Self-determination issues tend not to go away. Sometimes they lie dormant for years, even decades, but if not resolved they generally bubble up again – often when least expected.
At the start of this year it was Scotland in the news, but its plans for a fresh push for independence went to the back burner after the Scottish Nationalists lost 21 seats and more than a quarter of their vote in the June general election. Their time may come again if Britain succeeds in leaving the European Union.
Then it was Catalonia in the headlines, with the regional government’s plan to hold a unilateral referendum on independence in October. But that’s now looking very shaky; the separatists have only a narrow mandate at best, and as Spain’s economic recovery gathers pace, enthusiasm for independence is visibly waning. Last week’s terrorist attack in Barcelona may well serve as an excuse to kick the can further down the road into an indefinite future.
So, step forward the Kurds. The autonomous Kurdish government in northern Iraq plans its own independence referendum in a month’s time, on 25 September. Originally scheduled for late 2014, the vote has been postponed several times in the interests of a united front in the war against IS/Da’esh. But with the recapture of Mosul last month, the Kurds feel that the way is now clear to proceed.
If the vote is held, there is no serious doubt as to what the result will be. This is not like Scotland or Catalonia, where opinion is fairly evenly divided; it is much more like East Timor or South Sudan. Every Kurdish party is committed to independence, and every survey has shown Kurds overwhelmingly in favor. An informal referendum in 2005 produced a yes vote of 98.8%.
But it doesn’t follow that Iraqi Kurdistan will then declare independence. The rhetoric from its leadership suggests that they view a referendum more as a bargaining chip than as an irrevocable step towards establishing their own state. Given the comprehensive autonomy that they already enjoy, the advantages of moving to statehood are not necessarily so great that they will outweigh the angst it would cause for both the Iraqi government and its neighbors.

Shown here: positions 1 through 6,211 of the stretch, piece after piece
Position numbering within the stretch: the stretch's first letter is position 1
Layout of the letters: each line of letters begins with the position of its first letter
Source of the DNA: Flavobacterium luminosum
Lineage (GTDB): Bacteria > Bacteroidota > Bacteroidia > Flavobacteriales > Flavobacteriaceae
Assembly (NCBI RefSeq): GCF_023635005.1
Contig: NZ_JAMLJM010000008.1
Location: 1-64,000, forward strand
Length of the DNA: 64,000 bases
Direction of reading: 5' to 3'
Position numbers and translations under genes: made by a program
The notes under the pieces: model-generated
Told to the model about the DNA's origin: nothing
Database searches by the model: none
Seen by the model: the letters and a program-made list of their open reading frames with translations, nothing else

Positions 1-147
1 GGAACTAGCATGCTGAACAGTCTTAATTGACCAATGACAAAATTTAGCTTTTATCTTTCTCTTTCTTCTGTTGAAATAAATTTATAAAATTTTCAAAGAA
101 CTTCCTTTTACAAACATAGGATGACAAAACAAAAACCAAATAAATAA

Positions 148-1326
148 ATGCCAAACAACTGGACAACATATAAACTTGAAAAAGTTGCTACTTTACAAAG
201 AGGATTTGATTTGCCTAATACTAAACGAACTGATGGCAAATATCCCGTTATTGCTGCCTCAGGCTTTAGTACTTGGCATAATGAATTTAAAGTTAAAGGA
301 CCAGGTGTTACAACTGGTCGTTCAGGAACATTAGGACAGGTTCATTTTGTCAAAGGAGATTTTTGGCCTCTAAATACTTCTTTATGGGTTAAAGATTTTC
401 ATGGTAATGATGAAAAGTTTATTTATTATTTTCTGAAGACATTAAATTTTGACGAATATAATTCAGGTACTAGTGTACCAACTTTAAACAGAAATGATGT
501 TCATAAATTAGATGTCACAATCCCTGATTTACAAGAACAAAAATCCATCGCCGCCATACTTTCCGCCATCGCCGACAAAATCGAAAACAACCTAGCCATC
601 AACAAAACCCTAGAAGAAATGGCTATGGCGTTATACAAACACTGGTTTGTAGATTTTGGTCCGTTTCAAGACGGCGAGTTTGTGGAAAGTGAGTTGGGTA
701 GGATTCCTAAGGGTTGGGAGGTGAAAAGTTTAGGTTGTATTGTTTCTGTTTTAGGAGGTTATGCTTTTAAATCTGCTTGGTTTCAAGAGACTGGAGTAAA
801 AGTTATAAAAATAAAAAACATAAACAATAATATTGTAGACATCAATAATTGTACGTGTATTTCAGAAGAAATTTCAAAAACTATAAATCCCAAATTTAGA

The reaction of Turkey, home of the largest Kurdish population, is a matter of particular concern. The government of Recep Tayyip Erdoğan, having spent years talking peace with the Kurds, has recently gone back to demonising them, and has now voiced its support for “the territorial integrity of Iraq.” Nobody knows what it would actually do if Iraq’s Kurds took the next step.
On the other hand, no-one can deny that Kurdistan has been the most successfully functioning part of Iraq for a good 25 years. So most of the comment from both the Iraqi government and its allies does not actually deny the Kurds’ right to self-determination; it merely suggests that this is an inappropriate time and that matters should proceed by negotiation and agreement.
For the Kurds, this must be a frustrating argument. Having done the right thing three years ago and postponed their own ambitions while Iraq faced an existential threat from IS/Da’esh, they now find that their reward is to be again told to wait. It’s understandable if patience is running out.
Despite the difference in underlying political sentiment, there’s some similarity with the case of Catalonia. Its leaders, up to and even after the first (“unofficial”) independence referendum of November 2014, looked to be pursuing not so much an immediate drive to independence but more an ambit claim, hoping to draw the Spanish government into negotiations that would lead to a better autonomy deal. That strategy failed because the central government, partly due to Spain’s own political turmoil, failed to play ball.
Kurdistan’s leaders, having been educated in a much tougher environment, may well prove to be better politicians, and more alive to the risk of letting their own strategy run away with them. So while the long-term outlook for independence is good, don’t expect a new nation to emerge in northern Iraq just yet.